Metastatic lesion of the anterior mandible with an occult primary: A case report

Nithyanand A.A. Kuttan, Dexter K. Flemming, John N. Dane, Dan B. Ang

Research output: Contribution to journalArticlepeer-review

6 Scopus citations


Metastatic tumors to the oral cavity are relatively uncommon and account for about 1% of all oral cancers. Distant metastases to the jawbone are associated with a poor prognosis and a survival rate that is usually less than one year. The leading common primary sites for these lesions are the breast in females and the lung in males followed by the adrenals, kidneys, prostate, thyroid and colon. In 30% of all cancers, a metastatic lesion could be the first sign of a primary tumor elsewhere in the body. Metastatic lesions to the jaws are known to simulate periodontal and pulpal disease and other radiolucent lesions that can occur in the jaws. Microscopic evaluation with concurrent radiographic skeletal survey is warranted in patients where a metastatic lesion is suspected.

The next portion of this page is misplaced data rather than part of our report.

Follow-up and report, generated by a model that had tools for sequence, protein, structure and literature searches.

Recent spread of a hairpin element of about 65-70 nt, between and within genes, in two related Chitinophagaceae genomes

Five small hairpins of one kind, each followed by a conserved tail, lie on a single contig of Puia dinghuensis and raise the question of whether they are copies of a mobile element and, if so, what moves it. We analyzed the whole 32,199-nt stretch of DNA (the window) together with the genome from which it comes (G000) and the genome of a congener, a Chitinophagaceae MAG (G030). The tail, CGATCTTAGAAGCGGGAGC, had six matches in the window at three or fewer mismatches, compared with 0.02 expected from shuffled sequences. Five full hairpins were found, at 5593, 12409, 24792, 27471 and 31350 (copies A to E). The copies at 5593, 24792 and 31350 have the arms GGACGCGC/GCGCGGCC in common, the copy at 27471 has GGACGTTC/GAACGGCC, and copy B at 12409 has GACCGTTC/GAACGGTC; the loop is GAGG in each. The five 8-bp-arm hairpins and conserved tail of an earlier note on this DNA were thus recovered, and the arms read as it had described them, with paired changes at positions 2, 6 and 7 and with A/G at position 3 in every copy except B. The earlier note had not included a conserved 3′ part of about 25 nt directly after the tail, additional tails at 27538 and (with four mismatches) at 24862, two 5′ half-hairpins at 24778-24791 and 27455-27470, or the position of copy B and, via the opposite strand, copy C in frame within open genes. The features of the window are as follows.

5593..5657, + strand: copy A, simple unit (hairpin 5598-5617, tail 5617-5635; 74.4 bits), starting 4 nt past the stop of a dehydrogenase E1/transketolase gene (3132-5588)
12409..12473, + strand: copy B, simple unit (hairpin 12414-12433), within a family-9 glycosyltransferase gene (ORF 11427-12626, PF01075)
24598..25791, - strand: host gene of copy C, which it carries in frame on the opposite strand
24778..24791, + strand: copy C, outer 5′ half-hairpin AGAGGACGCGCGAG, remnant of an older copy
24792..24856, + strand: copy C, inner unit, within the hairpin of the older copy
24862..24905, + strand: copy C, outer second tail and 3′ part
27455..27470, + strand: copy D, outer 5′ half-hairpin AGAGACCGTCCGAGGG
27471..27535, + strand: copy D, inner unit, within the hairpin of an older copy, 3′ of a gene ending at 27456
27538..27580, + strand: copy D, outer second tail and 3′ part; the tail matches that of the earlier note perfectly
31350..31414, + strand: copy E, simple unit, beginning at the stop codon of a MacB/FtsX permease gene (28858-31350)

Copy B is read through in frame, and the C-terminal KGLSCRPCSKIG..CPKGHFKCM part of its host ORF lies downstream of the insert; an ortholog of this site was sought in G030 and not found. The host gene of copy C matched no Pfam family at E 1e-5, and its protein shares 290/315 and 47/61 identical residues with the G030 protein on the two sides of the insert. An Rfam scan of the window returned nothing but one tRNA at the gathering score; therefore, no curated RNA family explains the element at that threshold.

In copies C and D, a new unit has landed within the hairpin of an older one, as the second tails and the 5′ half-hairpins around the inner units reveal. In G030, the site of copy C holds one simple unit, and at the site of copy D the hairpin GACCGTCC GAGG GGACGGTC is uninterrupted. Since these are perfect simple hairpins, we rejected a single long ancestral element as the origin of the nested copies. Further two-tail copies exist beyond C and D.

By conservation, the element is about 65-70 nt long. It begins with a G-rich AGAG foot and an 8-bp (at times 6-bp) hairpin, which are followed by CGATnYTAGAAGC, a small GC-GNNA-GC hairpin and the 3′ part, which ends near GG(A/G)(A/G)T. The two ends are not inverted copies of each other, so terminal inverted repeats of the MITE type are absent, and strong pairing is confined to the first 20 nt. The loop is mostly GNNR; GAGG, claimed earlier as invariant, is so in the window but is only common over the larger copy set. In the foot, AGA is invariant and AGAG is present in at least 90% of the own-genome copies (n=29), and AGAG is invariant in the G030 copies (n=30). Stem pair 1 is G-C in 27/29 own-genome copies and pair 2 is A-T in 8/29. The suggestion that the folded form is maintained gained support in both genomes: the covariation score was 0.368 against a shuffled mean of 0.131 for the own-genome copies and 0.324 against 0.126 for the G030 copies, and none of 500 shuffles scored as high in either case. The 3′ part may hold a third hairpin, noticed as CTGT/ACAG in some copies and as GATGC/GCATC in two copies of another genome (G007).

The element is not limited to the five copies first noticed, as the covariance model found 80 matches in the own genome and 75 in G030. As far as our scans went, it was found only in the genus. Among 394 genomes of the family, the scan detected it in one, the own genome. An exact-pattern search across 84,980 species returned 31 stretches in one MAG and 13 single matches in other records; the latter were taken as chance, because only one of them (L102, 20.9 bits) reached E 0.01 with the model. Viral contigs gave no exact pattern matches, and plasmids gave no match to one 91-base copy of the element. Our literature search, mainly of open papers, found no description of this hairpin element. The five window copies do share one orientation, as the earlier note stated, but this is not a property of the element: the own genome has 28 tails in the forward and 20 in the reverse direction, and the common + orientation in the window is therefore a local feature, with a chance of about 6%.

Original languageEnglish (US)
Pages (from-to)76-80
Number of pages5
JournalSpecial Care in Dentistry
Issue number2
StatePublished - Mar 2006
Externally publishedYes


  • Jaw paresthesia
  • Mandibular metastases
  • Metastatic tumor
  • Oral cancer


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